Red carpet, red dresses, some red faces and a golden statuette. Those are some typical Academy Award traditions over the past 90 years of its existence. For 5 years running, however, there’s been a new one that has quickly become beloved: The celebrity portraits at the Vanity Fair Oscars afterparty, shot by Mark Seliger, and meant almost entirely for Instagram. This year’s set may be the best yet.
Over the past few years this new tradition has taken off and with that affection the sets have evolved, but over the last two years they seemed more alike than different, both in set-design and colour. This year has been a departure, favoring a more natural looking room with more space, more light, and warm tones. Gone is the Art Deco touch in favor of a more homely feel. Well done SuperCube for the set design.
One of the immediately obvious differences this year aside from colours (which are still a mix of orange and teal for that nice colour theory), is the presence of a lot of ‘natural’ light. Of course it isn’t natural, but the whole appearance of it all is meant to look as if lit by light outside of the windows on the set, compared to previous years which looked and felt like a studio-set.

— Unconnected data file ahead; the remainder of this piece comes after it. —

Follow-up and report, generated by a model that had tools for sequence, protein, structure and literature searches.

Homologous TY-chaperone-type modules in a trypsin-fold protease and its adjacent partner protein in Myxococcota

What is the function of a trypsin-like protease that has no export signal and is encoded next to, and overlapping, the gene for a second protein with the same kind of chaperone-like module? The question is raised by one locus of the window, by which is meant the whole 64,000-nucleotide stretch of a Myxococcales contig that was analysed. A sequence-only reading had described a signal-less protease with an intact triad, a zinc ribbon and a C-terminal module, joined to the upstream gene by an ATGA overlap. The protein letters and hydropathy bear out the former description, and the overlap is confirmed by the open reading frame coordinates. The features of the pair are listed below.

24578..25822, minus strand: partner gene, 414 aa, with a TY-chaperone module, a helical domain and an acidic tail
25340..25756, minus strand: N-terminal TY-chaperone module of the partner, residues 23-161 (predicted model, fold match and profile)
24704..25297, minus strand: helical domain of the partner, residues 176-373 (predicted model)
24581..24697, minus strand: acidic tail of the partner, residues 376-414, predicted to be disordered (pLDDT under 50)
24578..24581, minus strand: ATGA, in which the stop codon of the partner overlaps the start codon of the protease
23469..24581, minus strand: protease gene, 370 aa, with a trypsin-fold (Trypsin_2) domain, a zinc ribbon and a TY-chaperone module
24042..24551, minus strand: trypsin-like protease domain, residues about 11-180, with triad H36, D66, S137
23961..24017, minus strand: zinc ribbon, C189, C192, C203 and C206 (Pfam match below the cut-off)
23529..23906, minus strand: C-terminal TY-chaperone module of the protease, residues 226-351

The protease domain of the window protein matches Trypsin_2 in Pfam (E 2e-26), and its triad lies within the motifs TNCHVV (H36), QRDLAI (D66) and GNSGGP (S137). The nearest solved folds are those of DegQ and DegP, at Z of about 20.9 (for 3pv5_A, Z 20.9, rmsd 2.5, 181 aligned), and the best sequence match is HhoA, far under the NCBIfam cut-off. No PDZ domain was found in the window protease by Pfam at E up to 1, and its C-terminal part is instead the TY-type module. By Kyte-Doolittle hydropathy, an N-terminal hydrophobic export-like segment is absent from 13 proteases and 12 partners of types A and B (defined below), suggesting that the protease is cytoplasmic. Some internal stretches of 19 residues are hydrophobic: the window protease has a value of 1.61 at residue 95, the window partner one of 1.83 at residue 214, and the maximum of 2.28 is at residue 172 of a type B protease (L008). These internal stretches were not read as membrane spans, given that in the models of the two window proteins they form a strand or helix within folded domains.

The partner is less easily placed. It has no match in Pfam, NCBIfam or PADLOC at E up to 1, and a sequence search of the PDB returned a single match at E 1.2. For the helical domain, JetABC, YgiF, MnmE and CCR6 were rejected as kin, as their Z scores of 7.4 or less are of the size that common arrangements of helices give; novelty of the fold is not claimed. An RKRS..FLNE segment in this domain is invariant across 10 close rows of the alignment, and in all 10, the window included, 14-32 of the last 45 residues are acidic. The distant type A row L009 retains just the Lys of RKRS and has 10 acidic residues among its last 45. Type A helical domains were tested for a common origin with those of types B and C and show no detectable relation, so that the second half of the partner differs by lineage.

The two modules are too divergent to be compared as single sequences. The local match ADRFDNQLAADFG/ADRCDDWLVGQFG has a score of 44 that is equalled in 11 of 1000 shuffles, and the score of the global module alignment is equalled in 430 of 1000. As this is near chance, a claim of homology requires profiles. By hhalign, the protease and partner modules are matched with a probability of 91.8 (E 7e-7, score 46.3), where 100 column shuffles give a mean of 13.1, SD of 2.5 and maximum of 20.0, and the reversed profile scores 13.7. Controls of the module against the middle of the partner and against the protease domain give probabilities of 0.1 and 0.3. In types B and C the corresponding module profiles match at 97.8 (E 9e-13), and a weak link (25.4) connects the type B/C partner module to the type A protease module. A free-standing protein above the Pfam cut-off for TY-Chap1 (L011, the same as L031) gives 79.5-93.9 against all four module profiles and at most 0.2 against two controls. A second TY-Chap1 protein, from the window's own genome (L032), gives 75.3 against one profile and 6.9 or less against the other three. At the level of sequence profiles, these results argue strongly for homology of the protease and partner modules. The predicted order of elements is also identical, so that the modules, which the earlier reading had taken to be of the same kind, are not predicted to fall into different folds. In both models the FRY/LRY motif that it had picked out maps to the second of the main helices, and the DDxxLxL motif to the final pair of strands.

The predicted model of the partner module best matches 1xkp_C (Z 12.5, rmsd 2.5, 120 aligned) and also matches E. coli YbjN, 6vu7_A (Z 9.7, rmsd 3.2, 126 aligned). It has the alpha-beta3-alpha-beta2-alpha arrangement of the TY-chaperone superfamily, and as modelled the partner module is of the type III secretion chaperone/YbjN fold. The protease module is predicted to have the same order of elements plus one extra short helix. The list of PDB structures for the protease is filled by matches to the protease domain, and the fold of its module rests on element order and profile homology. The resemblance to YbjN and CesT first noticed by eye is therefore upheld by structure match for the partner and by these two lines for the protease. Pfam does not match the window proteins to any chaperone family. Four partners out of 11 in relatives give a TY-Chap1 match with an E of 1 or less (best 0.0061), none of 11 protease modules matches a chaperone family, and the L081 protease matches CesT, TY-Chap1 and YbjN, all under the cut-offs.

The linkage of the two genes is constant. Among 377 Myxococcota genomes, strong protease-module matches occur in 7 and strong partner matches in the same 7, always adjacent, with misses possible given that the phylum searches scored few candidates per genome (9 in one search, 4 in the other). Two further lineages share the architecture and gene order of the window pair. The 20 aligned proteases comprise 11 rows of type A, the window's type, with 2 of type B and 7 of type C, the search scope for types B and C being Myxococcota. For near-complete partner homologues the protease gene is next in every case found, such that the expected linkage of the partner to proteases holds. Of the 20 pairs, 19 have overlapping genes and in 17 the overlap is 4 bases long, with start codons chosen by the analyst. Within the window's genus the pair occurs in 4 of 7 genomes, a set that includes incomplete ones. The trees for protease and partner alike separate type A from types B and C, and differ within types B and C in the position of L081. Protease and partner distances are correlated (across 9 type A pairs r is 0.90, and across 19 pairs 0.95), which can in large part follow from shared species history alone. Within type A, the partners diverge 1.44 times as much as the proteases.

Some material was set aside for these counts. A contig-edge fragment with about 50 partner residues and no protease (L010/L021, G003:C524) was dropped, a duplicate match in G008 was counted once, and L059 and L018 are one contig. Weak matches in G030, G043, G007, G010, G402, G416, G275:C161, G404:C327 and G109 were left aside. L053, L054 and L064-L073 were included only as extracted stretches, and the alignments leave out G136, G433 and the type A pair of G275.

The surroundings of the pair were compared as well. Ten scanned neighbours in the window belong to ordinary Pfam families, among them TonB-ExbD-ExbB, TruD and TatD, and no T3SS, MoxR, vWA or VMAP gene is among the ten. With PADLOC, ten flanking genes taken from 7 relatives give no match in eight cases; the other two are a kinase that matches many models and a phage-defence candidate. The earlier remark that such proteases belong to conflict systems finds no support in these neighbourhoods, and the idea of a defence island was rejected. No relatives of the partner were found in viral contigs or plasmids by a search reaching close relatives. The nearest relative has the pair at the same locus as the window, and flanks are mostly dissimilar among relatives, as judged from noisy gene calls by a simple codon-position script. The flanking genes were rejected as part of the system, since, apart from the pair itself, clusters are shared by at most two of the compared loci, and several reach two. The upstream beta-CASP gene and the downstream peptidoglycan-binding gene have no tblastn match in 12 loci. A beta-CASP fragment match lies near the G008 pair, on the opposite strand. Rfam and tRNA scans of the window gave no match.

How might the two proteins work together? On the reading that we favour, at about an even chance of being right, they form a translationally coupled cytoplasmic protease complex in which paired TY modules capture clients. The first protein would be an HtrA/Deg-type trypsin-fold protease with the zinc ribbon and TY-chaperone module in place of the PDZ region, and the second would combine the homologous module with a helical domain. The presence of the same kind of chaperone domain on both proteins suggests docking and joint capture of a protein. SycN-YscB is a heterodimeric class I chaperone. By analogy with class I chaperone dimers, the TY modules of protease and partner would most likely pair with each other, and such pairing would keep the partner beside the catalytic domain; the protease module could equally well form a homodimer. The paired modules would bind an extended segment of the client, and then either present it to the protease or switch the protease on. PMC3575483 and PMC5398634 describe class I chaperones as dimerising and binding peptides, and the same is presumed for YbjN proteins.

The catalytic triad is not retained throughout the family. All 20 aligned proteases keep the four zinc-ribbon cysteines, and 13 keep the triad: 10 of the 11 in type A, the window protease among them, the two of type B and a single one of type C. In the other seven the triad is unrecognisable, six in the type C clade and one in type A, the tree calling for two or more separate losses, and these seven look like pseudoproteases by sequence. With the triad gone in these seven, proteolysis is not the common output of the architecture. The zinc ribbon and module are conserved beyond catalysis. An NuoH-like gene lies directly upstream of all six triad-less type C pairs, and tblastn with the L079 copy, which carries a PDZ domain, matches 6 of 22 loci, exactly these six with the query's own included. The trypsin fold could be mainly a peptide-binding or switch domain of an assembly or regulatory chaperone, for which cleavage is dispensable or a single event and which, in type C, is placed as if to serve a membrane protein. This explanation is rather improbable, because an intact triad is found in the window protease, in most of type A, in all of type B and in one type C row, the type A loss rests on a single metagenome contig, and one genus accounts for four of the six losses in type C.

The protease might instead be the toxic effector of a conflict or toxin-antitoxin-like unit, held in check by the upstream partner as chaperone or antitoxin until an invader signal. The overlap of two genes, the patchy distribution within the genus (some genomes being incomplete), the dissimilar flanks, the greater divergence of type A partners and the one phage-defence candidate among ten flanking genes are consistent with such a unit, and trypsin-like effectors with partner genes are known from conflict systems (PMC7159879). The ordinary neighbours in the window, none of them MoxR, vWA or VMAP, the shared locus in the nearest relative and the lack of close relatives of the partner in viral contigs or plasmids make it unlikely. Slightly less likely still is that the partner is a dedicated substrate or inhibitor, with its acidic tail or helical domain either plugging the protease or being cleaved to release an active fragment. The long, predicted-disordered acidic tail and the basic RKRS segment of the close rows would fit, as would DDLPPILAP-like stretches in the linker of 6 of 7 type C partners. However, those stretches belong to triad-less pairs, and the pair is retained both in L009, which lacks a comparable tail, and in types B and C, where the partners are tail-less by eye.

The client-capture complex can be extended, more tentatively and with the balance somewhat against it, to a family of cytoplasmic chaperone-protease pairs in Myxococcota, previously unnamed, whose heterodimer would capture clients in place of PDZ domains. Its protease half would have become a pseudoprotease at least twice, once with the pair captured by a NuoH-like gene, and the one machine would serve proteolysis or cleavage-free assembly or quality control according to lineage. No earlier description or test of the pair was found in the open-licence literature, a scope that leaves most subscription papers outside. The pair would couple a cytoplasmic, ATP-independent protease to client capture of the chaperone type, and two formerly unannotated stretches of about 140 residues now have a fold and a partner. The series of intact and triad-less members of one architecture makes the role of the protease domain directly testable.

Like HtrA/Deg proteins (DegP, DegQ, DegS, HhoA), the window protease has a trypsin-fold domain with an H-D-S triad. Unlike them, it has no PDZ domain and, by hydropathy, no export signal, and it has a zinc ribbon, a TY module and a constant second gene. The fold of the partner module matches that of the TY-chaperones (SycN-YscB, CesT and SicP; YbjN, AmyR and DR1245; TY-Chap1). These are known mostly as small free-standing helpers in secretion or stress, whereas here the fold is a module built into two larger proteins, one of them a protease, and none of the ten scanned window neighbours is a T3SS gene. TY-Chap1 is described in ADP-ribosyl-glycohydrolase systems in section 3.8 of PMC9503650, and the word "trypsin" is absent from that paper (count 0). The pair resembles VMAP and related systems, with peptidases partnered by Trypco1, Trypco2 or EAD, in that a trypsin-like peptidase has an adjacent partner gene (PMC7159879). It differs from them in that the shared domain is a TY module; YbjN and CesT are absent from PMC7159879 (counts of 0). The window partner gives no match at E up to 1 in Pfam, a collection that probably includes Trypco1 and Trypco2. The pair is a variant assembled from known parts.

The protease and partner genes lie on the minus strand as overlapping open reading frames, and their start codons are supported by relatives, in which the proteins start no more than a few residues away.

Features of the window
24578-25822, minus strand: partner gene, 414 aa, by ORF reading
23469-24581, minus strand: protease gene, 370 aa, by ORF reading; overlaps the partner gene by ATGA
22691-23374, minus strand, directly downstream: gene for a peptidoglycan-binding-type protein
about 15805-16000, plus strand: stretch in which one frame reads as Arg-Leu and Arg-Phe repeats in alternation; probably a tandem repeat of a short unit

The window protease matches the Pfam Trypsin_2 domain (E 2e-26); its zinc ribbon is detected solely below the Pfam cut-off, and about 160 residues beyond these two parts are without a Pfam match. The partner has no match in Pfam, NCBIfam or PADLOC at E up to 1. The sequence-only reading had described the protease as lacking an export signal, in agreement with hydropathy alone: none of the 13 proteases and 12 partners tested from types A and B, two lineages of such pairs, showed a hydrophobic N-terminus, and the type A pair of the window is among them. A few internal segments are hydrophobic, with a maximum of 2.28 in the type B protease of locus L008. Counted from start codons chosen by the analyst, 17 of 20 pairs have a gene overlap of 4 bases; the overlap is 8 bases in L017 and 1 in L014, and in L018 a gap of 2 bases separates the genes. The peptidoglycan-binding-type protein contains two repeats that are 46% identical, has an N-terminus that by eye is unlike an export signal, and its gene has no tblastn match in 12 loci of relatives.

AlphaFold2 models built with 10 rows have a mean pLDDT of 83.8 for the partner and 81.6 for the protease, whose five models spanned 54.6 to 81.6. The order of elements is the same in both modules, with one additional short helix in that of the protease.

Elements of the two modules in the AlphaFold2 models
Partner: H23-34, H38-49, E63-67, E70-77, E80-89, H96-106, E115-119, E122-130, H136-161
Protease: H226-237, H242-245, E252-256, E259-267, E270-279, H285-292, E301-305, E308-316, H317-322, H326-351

This set approach gave this year’s images a completely different feel than in years past, having the celebrities like Jordan Peele, Allison Janney, Margot Robbie, and Chadwick Boseman seem as if part of a film, rather than a set.
Anyone who shoots indoors and is always trying to mimic some facet of natural light will be green with envy, and this type of set-up is sort of to be expected from Seliger who, some years ago said:
“I don’t always just shoot with one light but the appearance is always with one light, and that’s the trick of lighting. Lighting is really just to enhance, and is really just a tool. In my opinion, once it starts to feel tricky, then that becomes the photograph, and you’re taking away from the idea of, you know, what I consider to be great portraiture.”
I couldn’t agree more.
Check out the images below, and timelapse of the set being built.